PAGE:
A state budget analysis ...
by Ed Lyon
Antonia Barrone of Albany, New York posed as an attorney from September 2012 to April 2017. She went by various male aliases, including Mario Vrendenburg, Antonio Barrone, Mario Stacchini, Mario Helems and Mark Vredenburg, and primarily targeted prisoners seeking legal representation for parole denials.
She defrauded over 400 people in ten counties and received over $23,000 in fees doing business through the New York State Prisoner Assistance Center (aka NY Parole Aids) and Stacchini & Barrone, a fictional law firm operated from her home.
New York’s Department of Corrections and Community Supervision has been reviewing each of Barrone’s prisoner victims “on a case-by-case basis,” yet spokesman Pat Bailey said none of the prisoners represented by Barrone were granted parole. The number of parole denial appeals she filed was not disclosed.
Barrone was involved in a police chase on Interstate 787 in 2016, achieving speeds over 100 mph. Attempting to exit the highway, she hit another vehicle and a utility pole.
New York Attorney General Eric Schneiderman filed a civil suit against Barrone over her false representation that she was an attorney and her unauthorized practice of law. In August 2017, a judgment was entered against ...
by Christopher Zoukis
The ACLU of Nebraska issued a report on November 30, 2017 detailing the cost of telephone calls made from county jails in the state, concluding that phone rates remain “unconscionably” expensive. Profits for some sheriffs are so high that the ACLU compared the practice to “for-profit debtors’ prisons” of the Victorian era.
According to Omaha.com, the ACLU’s report included a cartoon used by telecom firm Encartele to promote its jail phone services. The image showed a sheriff sitting in a pile of money – the kind of money that could be obtained by contracting with the company.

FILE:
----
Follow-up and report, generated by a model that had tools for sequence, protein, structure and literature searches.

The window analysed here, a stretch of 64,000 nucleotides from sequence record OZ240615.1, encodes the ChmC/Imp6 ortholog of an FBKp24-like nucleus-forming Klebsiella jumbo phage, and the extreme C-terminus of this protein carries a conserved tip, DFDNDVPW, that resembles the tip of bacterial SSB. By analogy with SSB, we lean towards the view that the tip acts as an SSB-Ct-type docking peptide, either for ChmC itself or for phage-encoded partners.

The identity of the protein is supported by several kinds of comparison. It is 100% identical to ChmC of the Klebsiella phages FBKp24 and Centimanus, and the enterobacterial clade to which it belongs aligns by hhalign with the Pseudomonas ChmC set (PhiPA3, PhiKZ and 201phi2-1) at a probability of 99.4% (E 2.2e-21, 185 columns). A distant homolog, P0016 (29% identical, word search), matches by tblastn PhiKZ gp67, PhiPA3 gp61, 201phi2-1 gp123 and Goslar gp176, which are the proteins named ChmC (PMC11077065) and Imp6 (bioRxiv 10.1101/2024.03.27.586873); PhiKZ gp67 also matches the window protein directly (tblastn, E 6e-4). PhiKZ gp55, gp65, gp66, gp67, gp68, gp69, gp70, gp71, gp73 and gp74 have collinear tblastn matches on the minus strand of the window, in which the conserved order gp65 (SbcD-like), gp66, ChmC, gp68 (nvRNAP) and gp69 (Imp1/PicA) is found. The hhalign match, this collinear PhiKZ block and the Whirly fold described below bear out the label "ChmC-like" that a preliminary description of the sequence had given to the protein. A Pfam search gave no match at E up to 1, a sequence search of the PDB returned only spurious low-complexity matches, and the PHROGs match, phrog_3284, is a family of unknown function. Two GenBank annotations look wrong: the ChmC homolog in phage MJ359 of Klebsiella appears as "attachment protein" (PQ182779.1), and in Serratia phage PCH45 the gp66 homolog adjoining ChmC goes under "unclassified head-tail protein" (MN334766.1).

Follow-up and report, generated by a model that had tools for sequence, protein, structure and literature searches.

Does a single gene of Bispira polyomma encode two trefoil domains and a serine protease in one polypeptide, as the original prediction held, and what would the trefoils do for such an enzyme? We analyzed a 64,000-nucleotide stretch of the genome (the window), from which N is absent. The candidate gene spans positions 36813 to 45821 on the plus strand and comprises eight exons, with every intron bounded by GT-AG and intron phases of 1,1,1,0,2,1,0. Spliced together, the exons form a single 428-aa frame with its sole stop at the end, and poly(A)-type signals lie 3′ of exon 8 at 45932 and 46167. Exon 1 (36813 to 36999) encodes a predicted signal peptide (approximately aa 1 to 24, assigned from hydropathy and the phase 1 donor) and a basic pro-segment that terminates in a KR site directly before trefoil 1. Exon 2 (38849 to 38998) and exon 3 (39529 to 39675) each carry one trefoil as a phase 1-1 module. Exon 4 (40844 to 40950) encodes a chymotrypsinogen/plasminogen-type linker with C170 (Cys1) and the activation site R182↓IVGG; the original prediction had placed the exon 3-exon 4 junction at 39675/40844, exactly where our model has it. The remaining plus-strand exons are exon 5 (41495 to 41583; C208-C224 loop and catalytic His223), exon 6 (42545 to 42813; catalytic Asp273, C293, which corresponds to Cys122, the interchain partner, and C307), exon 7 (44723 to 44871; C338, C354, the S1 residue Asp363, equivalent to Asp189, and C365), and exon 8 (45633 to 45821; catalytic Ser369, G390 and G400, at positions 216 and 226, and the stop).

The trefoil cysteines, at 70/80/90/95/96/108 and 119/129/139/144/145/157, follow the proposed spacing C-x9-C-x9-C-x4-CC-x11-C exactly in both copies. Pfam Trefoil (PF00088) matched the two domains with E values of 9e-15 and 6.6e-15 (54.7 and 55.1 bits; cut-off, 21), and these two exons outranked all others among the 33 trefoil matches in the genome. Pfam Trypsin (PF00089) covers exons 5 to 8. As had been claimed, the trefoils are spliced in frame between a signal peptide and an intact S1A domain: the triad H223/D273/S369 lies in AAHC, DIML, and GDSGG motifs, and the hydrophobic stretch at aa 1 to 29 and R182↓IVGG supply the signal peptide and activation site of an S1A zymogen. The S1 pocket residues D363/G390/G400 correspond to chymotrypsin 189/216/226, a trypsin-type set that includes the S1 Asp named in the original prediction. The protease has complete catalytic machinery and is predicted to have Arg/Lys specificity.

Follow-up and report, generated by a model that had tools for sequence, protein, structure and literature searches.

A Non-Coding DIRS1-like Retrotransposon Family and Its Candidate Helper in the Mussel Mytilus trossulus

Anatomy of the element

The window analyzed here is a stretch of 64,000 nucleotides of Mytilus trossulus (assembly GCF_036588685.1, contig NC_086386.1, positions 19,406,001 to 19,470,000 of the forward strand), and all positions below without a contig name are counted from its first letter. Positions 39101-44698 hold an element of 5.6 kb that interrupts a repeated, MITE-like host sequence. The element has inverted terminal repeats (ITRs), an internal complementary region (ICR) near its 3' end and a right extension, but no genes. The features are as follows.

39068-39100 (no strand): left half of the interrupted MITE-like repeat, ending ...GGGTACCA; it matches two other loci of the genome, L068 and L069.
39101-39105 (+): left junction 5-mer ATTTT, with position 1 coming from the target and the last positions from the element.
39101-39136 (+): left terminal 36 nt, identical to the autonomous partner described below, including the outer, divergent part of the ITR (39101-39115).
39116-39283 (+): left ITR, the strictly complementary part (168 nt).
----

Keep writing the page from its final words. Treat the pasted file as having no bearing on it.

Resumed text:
Encartele is one of three for-profit firms that provide phone services to jails in Nebraska. Protocall and Securus are the other two. The companies are making so much money on phone services that they can afford to kick back huge “commissions” to county sheriffs. In Douglas County, for example, the exorbitant fees charged for jail phone calls earned the county $617,062 in 2016. Lancaster County received $397,566.
The ACLU said a prisoner in Douglas County making four 15-minute calls per week would pay about $42 a month – a little less than $3 per call – though ...
The North Dakota Supreme Court affirmed the conviction of Arthur Lee Crissler on a charge of possessing a weapon in a correctional facility.
During a September 3, 2016 search of Crissler’s cellblock, a pencil wrapped in paper, thread and elastic was found concealed under the mattress on Crissler’s bunk. He admitted the object was his and was charged with possessing a weapon.
The applicable statute, N.D.C.C. § 12-44.1-21(5), states “[i]t is unlawful for an inmate in a correctional facility to willfully procure, make, or possess an object, including a shard made of any material or a weapon, firearm, ammunition, or explosive material, intended to be used for an assault on another person or to damage property.”
At trial, Burleigh County Detention Center guard Lucas Kuntz testified about the pencil, which was a “flex pencil” that is very flexible in its unaltered state and thus hard to use as a weapon. The pencil found under Crissler’s bunk “was wrapped in paper that had first been wetted and then, when in place, allowed to dry, which had the effect of increasing the rigidity of the pencil.”